Hoffman, Frederick L. 1865- Author; born in Varel, North Germany, May 2, 1865; is a member of numerous foreign and American statistical and other organizations, and besides contributing to magazines and technical periodicals is author of Race, traits, and tendencies of the American negro; On the Sanitary condition of the Trinity tenements, etc.
Harper's Encyclopedia of United States History (ed. Benson Lossing), Seward, William Henry 1801-1872 (search)
riod of the Civil War, and continued in President Johnson's cabinet, filling the same office, until 1869. He was a conspicuous opposer of slavery for many years, in and out of Congress. He opposed the compromise acts of 1850, the Kansas-Nebraska bill of 1854, and was one of the founders of the Republican party. The two most important subjects of his diplomacy during the Civil War were the liberation of Mason and Slidell and the French invasion of Mexico. According to a proclamation, May 2, 1865, of President Johnson, there was evidence in the bureau of military justice that there had been a conspiracy formed by Jefferson Davis, Jacob Thompson, Clement C. Clay, Beverly Tucker, George N. Saunders, William C. Cleary, and other rebels and traitors, against the government of the United States, harbored in Canada, to assassinate the President and the Secretary of State. Circumstances seemed to warrant a suspicion that the same fate was intended for other officers of the government,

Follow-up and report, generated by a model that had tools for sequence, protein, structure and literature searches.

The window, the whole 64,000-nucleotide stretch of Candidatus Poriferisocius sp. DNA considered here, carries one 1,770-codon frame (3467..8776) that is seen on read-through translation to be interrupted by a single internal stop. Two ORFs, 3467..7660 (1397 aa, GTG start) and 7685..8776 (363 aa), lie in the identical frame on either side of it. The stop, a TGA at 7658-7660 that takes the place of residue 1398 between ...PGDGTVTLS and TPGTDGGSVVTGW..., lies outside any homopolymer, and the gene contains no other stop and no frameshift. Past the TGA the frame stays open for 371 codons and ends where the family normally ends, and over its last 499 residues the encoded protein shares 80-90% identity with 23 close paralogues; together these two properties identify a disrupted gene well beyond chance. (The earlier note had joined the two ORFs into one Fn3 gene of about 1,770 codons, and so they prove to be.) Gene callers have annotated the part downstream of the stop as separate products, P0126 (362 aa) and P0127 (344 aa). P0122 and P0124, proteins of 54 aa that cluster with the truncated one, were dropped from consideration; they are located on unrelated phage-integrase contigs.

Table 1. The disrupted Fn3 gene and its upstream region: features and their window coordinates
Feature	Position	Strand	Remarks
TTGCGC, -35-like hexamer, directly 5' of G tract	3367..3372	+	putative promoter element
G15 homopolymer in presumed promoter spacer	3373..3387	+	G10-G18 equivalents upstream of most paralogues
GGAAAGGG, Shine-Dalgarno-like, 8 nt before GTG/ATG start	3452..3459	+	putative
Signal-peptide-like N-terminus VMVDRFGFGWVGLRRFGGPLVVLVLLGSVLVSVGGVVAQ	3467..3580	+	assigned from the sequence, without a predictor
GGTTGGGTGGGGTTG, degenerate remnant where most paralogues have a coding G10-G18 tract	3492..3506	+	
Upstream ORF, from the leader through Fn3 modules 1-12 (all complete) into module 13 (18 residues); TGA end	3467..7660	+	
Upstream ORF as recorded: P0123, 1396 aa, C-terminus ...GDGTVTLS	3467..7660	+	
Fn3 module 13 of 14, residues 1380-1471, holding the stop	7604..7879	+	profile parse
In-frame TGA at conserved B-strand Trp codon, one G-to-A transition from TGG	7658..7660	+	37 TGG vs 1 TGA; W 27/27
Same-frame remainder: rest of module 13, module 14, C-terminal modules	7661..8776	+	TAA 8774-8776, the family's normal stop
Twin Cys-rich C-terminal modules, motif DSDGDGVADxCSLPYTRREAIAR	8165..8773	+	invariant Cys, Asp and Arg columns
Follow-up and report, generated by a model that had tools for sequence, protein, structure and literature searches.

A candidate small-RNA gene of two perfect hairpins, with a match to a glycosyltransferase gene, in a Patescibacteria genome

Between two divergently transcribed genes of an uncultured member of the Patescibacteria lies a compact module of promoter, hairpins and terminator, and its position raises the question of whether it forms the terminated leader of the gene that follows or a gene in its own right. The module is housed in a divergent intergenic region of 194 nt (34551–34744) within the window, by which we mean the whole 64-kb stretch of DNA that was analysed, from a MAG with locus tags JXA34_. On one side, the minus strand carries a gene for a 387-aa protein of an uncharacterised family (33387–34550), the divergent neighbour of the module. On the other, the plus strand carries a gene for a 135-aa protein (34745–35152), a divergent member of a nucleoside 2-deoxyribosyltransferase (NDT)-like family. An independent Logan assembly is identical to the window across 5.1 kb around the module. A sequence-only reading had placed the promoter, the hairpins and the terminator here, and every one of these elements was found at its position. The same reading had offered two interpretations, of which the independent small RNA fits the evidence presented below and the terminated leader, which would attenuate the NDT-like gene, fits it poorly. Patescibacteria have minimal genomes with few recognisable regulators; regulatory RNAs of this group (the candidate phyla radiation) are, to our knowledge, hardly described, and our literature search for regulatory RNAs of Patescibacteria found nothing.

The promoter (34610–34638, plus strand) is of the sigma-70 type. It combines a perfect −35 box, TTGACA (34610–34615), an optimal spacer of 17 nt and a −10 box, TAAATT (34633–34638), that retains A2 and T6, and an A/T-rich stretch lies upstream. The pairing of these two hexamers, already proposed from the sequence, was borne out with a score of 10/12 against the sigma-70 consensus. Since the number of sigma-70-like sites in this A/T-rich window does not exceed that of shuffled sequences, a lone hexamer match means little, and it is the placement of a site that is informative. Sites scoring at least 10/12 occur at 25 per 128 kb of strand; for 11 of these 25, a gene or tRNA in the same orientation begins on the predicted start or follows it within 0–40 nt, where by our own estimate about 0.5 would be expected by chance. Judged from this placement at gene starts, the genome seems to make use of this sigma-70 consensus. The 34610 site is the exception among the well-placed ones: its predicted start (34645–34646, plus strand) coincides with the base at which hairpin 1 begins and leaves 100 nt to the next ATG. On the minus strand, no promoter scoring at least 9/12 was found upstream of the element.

Harper's Encyclopedia of United States History (ed. Benson Lossing), United States of America. (search)
Memorandum for a peace, signed by Generals Sherman and Johnston at Durham Station, N. C., April 18, is rejected at Washington April 21. Grant arrives at Raleigh April 24, and General Johnston surrenders to Sherman at Bennett's house, near Durham Station......April 26, 1865 Executive order for trial by military commission of alleged assassins of President Lincoln issued......May 1, 1865 Reward of $100,000 offered for the capture of Jefferson Davis by proclamation of President......May 2, 1865 Confederate Gen. Richard Taylor surrenders at Citronelle, near Mobile, Ala.......May 4, 1865 Executive order re-establishing authority of the United States in Virginia recognizes Francis H. Pierpont as governor......May 10, 1865 Jefferson Davis captured, with his wife, mother, Postmaster-General Reagan, Colonel Harrison, Johnson, and others, by 4th Michigan Cavalry, under Colonel Pritchard, at Irwinsville, Ga.......May 10, 1865 [Davis taken to Fortress Monroe.] Last fight o